Like many of her peers in law enforcement who have focused on fighting trafficking with arrests and prosecutions meant to disrupt sex work, Stephan believes there’s no meaningful difference between sex work and trafficking. “Just from being on the ground doing this work for a long time, even those people that tell you they are choosing this life, they were recruited at an early age,” Stephan told the Voice of San Diego earlier this month. “So in my head, you know, how do you really become free if this is all you know when you don’t have [an] education or any other line of work to sustain yourself?”

This view, that women who sell sex are incapable of making their own choices, also extends to San Diego law enforcement’s view of women in the sex trade as trafficking victims. “Most victims will not identify as a victim until they encounter law enforcement between 7–10 times,” Matt Blumenthal, a sergeant with the San Diego County Sheriff’s Department and a supervisor at the San Diego Human Trafficking Task Force (HTTF), wrote in a blog post for the anti-trafficking nonprofit Thorn. Until a “victim” accepted law enforcement intervention, Blumenthal continued, they would also be uncooperative with prosecutors.

Summer Stephan Trafficking Deck

Source document contributed to DocumentCloud by Matt Henry (In Justice Today).

Slides from a presentation Stephan delivered in June 2016.

These prosecutors include Summer Stephan’s office, also a member of the HTTF, whose investigations of suspected trafficking often result in crackdowns on sex work. In June 2016, Stephan touted an operation targeting an online message board featuring advertisements for sex work as a major success in combating trafficking. Yet no trafficking charges were filed. Similarly, the HTTF runs annual prostitution stings dubbed Operation Reclaim and Rebuild that Stephan described as a “wake up call for men who buy sex,” after a March 2018 sting resulted in 29 arrests of men allegedly attempting to buy sex. Stephan’s office said this operation targeted “the demand side of sex trafficking.”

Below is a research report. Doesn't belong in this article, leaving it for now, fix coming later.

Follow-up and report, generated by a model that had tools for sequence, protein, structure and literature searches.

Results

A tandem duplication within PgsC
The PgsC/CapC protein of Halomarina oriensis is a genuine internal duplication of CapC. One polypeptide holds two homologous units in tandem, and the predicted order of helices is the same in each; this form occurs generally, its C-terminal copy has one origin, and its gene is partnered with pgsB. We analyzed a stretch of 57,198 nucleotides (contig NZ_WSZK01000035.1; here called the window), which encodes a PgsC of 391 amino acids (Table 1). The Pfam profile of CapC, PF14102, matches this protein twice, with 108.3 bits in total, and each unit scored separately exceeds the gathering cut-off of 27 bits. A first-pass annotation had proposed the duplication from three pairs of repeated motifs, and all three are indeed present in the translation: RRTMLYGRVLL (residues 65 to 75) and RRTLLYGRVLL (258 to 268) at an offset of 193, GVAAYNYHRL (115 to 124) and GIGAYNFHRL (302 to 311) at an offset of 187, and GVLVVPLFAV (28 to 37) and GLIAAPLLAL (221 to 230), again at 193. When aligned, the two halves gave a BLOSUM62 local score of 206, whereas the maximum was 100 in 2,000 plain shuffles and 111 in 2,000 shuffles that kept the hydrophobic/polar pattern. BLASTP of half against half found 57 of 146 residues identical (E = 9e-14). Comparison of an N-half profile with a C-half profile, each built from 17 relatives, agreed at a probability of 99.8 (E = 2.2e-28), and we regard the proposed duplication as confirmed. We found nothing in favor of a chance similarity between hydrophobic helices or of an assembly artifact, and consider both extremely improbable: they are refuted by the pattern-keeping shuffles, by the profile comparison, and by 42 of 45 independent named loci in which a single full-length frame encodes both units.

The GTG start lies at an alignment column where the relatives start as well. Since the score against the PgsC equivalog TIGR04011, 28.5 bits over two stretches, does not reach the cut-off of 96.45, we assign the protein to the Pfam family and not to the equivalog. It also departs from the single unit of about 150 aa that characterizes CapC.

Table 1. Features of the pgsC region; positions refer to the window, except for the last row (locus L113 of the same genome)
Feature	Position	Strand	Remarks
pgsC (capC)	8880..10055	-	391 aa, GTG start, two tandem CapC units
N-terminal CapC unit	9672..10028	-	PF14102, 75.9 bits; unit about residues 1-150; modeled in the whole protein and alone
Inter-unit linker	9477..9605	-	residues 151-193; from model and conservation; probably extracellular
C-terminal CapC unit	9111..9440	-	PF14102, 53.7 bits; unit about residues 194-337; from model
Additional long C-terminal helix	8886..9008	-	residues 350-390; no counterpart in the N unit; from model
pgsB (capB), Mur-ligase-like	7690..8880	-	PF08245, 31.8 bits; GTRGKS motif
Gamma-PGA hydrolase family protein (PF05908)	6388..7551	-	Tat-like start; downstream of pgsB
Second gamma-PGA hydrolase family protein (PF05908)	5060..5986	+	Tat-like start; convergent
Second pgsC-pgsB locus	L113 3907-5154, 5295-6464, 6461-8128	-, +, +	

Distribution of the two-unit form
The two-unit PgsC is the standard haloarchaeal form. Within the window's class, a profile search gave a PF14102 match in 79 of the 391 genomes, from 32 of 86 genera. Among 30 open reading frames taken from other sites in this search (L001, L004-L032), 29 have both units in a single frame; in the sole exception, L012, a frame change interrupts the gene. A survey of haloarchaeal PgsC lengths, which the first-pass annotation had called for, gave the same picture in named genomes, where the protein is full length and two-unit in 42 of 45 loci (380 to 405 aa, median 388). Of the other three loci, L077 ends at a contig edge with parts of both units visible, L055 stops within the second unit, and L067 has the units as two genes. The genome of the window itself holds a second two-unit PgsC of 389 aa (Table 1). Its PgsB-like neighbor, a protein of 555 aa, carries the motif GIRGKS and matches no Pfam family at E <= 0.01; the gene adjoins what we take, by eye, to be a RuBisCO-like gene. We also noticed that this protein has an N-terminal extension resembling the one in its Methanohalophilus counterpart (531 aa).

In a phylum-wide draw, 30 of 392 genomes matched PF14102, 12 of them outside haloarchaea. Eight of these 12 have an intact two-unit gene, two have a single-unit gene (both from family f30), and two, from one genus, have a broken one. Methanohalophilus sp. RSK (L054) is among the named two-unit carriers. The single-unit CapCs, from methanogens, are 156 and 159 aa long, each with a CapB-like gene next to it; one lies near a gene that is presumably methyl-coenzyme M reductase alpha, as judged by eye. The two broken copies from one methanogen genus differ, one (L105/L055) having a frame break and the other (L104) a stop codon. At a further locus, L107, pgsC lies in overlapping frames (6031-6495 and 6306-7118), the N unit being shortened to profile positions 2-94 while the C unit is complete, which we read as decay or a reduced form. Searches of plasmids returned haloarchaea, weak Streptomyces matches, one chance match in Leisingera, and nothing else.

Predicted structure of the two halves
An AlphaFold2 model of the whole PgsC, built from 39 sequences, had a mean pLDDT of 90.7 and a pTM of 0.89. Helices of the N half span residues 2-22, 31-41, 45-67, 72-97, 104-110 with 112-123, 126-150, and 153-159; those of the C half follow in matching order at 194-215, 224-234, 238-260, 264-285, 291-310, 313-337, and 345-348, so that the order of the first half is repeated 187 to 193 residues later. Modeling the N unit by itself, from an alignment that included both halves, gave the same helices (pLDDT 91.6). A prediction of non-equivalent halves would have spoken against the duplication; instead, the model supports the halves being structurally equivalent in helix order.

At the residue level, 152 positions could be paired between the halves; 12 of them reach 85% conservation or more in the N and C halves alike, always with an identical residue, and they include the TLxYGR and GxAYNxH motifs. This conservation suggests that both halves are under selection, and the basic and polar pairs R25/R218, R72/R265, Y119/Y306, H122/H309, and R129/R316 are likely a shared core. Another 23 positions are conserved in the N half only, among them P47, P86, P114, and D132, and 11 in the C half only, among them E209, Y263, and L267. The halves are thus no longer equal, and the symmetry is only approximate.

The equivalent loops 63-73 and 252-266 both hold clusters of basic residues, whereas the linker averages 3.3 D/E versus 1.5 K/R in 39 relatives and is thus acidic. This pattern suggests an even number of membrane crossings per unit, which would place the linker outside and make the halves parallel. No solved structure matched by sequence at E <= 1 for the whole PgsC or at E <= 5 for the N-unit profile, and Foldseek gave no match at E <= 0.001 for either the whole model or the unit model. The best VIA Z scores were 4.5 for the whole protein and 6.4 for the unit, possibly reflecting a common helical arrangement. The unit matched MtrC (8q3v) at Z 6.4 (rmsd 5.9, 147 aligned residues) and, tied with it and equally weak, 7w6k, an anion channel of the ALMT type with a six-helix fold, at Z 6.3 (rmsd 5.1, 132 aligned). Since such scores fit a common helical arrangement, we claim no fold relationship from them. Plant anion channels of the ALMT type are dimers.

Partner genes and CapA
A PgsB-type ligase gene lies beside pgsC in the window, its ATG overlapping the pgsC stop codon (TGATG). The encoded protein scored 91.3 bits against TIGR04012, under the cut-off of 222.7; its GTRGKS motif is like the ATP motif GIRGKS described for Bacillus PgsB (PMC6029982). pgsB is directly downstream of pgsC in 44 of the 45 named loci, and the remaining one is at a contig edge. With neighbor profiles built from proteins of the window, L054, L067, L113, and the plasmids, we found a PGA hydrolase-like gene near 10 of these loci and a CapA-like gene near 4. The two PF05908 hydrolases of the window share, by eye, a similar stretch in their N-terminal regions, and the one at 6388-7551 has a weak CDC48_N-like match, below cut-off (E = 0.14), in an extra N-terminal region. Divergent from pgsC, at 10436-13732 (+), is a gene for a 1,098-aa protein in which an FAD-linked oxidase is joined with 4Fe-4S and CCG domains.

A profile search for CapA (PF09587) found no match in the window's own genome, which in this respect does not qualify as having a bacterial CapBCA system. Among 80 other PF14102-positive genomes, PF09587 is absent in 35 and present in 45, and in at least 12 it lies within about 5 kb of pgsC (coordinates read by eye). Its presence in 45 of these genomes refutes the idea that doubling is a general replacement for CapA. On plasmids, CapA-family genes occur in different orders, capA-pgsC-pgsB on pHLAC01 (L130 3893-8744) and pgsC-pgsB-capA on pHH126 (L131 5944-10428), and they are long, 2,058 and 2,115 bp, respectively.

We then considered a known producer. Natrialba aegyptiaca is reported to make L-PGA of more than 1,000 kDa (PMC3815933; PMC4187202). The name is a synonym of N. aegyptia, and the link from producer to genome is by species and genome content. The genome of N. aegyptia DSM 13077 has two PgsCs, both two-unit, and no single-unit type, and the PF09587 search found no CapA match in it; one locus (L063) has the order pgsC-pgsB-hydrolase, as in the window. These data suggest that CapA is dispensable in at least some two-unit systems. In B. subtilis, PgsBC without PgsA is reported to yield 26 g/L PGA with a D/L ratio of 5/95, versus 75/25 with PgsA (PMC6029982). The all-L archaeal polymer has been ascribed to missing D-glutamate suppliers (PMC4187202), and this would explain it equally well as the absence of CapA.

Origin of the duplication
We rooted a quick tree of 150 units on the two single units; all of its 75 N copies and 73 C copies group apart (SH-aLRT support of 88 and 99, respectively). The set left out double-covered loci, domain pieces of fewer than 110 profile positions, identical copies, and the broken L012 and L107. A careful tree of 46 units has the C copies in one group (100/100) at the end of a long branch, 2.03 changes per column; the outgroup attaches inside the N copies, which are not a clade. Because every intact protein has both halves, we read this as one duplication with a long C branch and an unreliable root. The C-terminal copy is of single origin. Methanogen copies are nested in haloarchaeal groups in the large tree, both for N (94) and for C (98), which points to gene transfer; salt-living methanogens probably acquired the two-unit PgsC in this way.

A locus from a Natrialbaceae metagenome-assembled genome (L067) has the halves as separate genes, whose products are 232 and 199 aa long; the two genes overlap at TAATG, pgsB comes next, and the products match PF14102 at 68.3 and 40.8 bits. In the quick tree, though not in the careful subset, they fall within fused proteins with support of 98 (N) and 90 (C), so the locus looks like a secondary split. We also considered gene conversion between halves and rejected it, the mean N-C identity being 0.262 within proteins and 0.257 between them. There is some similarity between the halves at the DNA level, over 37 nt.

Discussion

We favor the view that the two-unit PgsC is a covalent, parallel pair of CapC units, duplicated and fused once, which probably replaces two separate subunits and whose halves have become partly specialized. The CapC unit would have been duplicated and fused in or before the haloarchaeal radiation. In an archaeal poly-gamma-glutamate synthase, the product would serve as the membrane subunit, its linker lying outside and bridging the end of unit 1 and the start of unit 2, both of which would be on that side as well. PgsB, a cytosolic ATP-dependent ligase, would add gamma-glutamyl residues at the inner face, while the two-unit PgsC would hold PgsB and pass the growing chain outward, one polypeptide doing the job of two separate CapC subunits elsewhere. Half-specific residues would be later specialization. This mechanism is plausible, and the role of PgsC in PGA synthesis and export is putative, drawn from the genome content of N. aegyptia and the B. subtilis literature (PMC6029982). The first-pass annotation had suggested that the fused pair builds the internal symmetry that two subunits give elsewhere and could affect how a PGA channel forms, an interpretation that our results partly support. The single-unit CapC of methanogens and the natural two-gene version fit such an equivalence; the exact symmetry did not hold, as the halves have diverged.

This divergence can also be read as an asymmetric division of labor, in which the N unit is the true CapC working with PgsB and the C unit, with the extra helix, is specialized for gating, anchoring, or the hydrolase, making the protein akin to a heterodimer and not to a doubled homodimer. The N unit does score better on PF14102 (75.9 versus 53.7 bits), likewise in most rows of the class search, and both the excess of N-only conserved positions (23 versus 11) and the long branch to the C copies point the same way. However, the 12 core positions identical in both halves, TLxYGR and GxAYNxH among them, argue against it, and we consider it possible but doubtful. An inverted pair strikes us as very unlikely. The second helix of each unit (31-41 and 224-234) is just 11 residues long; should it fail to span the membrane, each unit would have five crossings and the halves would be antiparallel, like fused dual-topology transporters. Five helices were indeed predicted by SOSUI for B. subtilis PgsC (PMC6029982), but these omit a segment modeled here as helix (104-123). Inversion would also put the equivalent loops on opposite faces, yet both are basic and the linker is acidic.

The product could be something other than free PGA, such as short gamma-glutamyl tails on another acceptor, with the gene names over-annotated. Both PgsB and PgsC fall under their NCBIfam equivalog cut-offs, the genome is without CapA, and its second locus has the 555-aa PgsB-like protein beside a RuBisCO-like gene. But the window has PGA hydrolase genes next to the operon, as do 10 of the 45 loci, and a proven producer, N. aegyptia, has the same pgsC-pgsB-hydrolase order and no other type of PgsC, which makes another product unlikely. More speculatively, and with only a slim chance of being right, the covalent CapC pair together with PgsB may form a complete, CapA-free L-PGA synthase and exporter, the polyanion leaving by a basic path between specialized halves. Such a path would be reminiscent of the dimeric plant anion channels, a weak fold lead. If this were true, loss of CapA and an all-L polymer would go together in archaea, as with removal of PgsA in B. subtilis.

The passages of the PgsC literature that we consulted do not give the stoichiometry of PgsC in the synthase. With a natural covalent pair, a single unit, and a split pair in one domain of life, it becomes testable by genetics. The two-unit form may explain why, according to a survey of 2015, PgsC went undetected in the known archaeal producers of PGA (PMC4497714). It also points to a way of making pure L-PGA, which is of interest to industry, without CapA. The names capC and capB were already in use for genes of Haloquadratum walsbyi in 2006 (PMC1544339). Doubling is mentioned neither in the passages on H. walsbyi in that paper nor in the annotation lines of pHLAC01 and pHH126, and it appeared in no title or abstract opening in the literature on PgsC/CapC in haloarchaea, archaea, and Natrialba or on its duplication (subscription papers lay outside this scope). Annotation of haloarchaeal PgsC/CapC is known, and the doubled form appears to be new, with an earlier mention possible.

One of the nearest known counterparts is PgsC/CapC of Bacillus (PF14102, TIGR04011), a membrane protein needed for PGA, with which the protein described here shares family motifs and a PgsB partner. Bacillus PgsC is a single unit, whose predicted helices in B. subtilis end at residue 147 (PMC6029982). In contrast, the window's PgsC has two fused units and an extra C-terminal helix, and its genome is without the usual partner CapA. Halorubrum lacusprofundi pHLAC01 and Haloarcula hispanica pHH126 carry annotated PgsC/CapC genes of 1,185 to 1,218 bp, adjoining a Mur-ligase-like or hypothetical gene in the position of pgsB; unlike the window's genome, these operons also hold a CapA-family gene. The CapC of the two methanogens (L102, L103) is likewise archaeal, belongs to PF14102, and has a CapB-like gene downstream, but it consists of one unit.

Operation Reclaim & Rebuild News Release SD Version 1 30 18

Source document contributed to DocumentCloud by Melissa Gira Grant (In Justice Today).

Press release announcing the arrests of 29 men for allegedly buying sex

This “end demand” approach, supported by Stephan and groups in San Diego funded by Demand Abolition, is based on the belief that preventing men from buying sex in the first place is necessary in order to end human trafficking. This is why Stephan supported a program called the Cyber Patrol, first created by a Portland-area pastor that recruited volunteers — including current and former police officers — to create fake sex work ads, then inform the men who called for their services that sex workers are mostly trafficking victims. “Cyber Patrol, they are disrupting the demand,” Stephan toldthe San Diego Union-Tribune, “but actually at its core it’s providing accurate information about the damage and the harm that buying does.”

As for actual human trafficking, a category that also includes labor trafficking, prosecutions at Stephan’s office are down to 19 in total for the fiscal year ending in September 2017 from a high of 32 in 2013. As Cyber Patrol and Operation Reclaim and Rebuild demonstrate, what Stephan’s office has focused on instead is targeting men who attempt to buy sex, as well as lobbying for increased penalties for these men.